Buttevant’s place name is French. When the area was taken over by the Anglo-Norman de Barry family it was located close to lands still controlled by the Gaelic Irish. The name probably refers to a forward fortification called a ‘Boutavant.’
One of the best preserved medieval dovecots in Ireland is located just outside the town in Ballybeg Priory. The pigeons were kept in stone niches and were used as a source of meat.
In 1752 the world’s first steeplechase took place when Edmund Blake and Cornelius O’Callaghan raced each other from St. John’s Church in Buttevant to St. Mary’s in Doneraile.
The bridge over the Awbeg River is one of the oldest continually used bridges in Ireland. It originally dates from the 13th century. It was later widened in the early 19th century. On one side you can see the pointed arches of the medieval section and on the other the barrel shaped arches of the 19th century extension.
Both Napoleon’s white charger Marengo and the Duke of Wellington’s horse at the Battle of Waterloo were bought at Buttevant’s Cahirmee Horse Fair. The fair is still held each year on July 12th.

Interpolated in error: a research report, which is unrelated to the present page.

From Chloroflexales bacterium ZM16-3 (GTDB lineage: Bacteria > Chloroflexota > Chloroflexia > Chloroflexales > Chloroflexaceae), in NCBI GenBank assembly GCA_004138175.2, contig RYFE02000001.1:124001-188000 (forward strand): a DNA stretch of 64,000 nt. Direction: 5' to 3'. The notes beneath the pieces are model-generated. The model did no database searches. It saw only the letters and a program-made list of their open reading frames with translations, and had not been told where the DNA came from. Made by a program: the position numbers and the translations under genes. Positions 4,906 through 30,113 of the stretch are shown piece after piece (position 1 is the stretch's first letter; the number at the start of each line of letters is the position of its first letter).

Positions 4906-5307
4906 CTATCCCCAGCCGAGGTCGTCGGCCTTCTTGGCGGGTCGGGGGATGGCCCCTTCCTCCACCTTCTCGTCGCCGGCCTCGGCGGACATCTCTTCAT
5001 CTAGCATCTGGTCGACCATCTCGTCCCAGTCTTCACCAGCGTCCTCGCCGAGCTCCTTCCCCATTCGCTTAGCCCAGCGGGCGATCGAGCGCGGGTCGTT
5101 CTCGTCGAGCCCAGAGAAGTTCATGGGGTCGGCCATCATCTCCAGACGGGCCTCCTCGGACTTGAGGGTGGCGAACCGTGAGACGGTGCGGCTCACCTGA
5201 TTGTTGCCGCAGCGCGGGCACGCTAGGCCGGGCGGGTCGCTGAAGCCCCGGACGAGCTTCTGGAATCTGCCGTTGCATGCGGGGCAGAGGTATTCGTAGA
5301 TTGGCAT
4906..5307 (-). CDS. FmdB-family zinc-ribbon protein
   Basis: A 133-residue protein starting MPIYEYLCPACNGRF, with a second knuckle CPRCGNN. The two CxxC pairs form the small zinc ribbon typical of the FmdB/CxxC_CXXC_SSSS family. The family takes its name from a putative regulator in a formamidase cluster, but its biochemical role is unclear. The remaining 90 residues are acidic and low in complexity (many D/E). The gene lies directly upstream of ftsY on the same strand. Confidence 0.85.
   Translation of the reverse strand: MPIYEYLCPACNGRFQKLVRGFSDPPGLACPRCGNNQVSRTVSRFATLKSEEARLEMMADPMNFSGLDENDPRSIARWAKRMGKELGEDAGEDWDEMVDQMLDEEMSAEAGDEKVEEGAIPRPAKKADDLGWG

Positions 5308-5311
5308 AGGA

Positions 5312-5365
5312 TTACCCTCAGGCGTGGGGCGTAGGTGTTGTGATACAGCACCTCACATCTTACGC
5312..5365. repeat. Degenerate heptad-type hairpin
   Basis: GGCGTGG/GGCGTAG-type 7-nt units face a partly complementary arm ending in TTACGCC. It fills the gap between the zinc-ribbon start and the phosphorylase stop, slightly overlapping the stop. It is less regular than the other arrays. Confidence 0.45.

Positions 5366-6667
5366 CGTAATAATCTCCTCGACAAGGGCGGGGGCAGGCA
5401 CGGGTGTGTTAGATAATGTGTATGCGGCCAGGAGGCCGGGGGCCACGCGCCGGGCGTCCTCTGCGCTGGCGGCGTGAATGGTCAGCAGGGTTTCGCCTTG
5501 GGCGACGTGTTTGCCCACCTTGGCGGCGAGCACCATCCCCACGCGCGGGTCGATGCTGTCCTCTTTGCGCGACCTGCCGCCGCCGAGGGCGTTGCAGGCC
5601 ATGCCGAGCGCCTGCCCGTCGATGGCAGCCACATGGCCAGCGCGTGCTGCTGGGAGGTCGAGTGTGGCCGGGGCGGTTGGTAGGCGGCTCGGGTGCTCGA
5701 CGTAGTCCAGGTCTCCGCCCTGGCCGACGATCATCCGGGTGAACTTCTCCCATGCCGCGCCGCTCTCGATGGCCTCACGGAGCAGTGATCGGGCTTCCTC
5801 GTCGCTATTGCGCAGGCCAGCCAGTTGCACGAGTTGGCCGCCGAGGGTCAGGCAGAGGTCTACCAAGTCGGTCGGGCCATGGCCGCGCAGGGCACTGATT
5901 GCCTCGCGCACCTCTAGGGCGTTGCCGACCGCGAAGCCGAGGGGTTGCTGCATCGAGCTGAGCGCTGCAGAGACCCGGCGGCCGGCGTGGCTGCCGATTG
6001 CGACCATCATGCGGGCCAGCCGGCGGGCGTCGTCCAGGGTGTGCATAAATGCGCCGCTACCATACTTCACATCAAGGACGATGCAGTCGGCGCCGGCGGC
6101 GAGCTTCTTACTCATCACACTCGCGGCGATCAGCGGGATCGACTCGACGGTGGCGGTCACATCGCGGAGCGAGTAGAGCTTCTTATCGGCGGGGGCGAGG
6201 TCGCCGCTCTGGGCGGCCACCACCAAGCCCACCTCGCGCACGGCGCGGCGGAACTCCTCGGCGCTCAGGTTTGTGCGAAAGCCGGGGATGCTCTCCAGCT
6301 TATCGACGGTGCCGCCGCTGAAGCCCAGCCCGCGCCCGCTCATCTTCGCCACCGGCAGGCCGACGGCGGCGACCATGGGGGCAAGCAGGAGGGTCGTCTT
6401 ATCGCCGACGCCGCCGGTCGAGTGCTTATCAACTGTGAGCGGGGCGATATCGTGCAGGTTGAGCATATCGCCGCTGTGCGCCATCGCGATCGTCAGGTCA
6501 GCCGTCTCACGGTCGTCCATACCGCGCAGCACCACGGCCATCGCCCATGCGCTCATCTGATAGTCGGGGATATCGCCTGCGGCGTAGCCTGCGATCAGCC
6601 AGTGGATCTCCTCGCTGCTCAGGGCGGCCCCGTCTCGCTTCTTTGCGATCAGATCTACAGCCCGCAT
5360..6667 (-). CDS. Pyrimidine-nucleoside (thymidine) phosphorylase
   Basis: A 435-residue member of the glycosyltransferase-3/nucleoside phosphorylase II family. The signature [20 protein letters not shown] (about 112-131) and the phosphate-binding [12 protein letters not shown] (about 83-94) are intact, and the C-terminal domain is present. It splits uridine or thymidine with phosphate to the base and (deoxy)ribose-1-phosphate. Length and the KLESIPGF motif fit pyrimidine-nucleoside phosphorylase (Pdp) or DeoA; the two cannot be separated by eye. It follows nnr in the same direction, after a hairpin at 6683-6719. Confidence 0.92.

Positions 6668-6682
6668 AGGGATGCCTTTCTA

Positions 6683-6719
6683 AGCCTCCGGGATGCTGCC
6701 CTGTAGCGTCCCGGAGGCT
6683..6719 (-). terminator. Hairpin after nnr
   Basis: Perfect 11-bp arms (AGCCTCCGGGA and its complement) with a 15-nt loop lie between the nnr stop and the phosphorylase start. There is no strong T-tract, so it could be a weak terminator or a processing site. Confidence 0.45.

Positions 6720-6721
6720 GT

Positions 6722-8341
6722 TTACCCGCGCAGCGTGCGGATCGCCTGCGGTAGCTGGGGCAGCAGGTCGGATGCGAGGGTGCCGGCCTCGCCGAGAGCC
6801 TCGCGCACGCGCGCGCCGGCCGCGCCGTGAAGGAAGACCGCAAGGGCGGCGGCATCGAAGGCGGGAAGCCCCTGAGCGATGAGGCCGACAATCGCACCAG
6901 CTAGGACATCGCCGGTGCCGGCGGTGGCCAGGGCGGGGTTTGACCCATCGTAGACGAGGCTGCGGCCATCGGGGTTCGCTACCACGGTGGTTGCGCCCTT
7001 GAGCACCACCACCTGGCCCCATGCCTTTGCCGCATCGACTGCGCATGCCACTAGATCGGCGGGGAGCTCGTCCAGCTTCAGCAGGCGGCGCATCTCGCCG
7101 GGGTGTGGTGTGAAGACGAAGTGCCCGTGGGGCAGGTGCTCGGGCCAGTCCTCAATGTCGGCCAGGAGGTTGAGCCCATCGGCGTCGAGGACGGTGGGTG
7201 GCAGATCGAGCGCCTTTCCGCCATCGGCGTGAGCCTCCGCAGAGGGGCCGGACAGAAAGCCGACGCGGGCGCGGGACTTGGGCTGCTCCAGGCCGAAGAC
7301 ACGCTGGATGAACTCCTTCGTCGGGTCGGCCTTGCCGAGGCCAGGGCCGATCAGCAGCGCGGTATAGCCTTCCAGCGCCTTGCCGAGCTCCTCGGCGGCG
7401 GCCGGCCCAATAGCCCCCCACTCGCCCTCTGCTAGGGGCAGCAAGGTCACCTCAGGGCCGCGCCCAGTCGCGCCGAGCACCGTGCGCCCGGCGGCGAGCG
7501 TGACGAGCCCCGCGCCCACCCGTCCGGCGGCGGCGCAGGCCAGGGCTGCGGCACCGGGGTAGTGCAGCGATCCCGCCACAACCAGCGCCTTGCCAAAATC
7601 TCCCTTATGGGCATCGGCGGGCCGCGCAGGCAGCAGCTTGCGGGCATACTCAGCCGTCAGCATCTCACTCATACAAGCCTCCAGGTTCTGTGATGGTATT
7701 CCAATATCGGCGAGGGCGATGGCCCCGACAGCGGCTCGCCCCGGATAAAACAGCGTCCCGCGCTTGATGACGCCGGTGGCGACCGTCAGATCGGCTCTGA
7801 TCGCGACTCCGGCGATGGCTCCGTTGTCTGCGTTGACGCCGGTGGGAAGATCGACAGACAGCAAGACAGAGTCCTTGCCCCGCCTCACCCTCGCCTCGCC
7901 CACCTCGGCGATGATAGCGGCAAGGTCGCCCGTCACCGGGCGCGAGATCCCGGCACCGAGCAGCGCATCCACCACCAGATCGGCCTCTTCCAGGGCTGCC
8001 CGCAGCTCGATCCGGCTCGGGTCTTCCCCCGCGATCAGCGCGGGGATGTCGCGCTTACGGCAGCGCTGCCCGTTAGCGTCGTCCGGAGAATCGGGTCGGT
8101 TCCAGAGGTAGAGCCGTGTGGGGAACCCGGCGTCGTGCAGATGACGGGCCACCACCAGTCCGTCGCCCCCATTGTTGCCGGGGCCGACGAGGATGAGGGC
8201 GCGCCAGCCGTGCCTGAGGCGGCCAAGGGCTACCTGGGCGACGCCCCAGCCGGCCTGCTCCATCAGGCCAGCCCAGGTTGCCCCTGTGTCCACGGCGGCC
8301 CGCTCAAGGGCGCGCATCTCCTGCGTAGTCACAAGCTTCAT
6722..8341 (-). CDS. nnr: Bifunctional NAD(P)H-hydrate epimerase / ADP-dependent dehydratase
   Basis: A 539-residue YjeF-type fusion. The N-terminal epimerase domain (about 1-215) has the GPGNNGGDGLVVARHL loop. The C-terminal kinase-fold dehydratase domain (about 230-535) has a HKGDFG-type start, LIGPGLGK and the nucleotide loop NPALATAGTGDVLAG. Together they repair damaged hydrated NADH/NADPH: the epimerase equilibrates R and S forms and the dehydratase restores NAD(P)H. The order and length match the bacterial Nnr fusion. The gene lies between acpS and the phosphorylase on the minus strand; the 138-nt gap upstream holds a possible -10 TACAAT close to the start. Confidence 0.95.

The town and its gentle river are referred to by 16th century poet Edmund Spencer in The Faerie Queen. Spencer lived for a while just a few miles away in his castle at Kilcolman.
Buttevant once housed a British army garrison housed in impressive barracks. Built in the early 19th century in response to the threat of invasion during the Napoleonic Wars, the buildings were destroyed during the Irish Civil War in 1922. Today the site is used for hurling and Gaelic football. Only the boundary walls and neo-classical entrance remain.
The present Buttevant Castle, which was radically overhauled in the early 19th century, was originally constructed at the start of the 13th century.
The Franciscan Friary located in the grounds of the town’s Catholic Church was founded in 1251 by David de Barry. Underneath the church is a crypt that is still occasionally entered when people wish to conduct archaeological research.
Buttevant was once enclosed by town walls. Built at the start of the 14th century now only a few sections remain. One visible piece is located at the base of the Friary and runs north towards the medieval bridge.